"As A Consumer, I Love This – As A Technical Producer, I See Trouble," Says Remedy Producer On Xbox Series S

Remedy Games technical producer Sasan Sepehr recently expressed concern about yesterday’s Xbox Series S reveal, noting that it’s a double-edged sword when you consider the sides of both consumers and producers.

Sepehr took to Twitter in order to voice his reservations – you can check out the tweet below, which was posted as a direct response to yesterday’s news.

“As a consumer, I love this,” wrote Sepehr. “As a technical producer, I see trouble.”

Although a variety of information has been made available about both the Xbox Series S and Xbox Series X over the last 24 hours, the tweet Sepehr is referring to ostensibly has to do with the price of Xbox Series S. At $299, it’s the cheapest mainstream console on the market right now – or at least it will be when it launches on November 10.

But there’s another detail in the tweet – right before the price, it says, “next-gen performance in the smallest Xbox ever.”

This was what Sapehr was referring to, and he was quick to expand on his concerns in a reply to another user. According to said reply, Sapehr’s reservations are largely related to issues that could potentially arise from game optimization – for those unacquainted with the term, game optimization means enhancing the performance and visual fidelity of a game, and has been a major part of conversations about next-gen upgrades for current games.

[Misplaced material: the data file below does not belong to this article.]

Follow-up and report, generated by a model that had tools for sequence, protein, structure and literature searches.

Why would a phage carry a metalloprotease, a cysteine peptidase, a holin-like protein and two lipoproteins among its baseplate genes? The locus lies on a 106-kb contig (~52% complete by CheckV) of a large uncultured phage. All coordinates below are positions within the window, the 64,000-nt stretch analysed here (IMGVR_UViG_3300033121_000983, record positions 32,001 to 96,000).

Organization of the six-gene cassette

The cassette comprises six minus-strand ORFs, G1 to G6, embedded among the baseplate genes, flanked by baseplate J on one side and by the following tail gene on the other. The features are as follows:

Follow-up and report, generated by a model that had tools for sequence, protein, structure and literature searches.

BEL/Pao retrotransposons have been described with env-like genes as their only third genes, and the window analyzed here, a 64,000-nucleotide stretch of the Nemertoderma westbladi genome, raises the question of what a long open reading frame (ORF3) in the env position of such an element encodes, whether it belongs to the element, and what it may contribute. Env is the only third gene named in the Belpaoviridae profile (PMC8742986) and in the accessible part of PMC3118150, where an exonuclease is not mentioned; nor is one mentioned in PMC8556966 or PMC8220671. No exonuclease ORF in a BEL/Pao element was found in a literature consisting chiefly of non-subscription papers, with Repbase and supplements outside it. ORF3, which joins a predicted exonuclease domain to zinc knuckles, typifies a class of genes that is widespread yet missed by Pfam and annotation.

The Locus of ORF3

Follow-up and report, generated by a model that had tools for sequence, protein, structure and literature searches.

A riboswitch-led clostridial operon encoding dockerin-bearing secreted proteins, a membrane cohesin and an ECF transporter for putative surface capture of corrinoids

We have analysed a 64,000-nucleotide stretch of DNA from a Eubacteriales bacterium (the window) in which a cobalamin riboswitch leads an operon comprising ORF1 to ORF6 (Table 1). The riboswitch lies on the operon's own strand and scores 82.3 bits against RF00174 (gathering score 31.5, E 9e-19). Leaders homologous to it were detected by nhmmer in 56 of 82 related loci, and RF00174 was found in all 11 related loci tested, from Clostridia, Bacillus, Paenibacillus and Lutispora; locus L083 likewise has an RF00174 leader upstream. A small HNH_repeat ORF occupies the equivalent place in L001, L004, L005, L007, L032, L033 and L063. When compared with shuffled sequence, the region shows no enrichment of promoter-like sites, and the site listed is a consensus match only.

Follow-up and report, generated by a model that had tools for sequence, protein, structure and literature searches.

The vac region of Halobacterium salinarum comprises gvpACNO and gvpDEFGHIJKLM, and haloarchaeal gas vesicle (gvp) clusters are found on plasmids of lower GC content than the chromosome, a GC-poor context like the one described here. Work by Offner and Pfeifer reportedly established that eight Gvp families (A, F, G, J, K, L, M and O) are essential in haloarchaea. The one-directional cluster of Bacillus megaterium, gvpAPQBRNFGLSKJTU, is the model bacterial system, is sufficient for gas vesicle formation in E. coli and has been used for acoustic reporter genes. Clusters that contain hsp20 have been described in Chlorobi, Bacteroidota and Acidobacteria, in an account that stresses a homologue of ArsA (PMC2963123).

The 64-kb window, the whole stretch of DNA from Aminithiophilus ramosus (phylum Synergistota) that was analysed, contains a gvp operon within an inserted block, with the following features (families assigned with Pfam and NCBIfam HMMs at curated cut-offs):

And so Sapehr’s skepticism is rooted in the fact that Microsoft is offering “next-gen performance” for a console that is less powerful than its flagship Xbox Series X, despite the fact that the latter will obviously perform at a higher level.

The Xbox Series S is due to launch on November 10 and will cost $299.

The Xbox Series X, meanwhile, is also set for a November 10 release. At $499, it’s a bit pricier than the smaller, digital-only variant of Microsoft’s next-gen console, but it’s worth remembering that you can alternatively get it for a monthly payment of $34.99 – which also includes Xbox All Access, featuring both Xbox Game Pass and EA Play.

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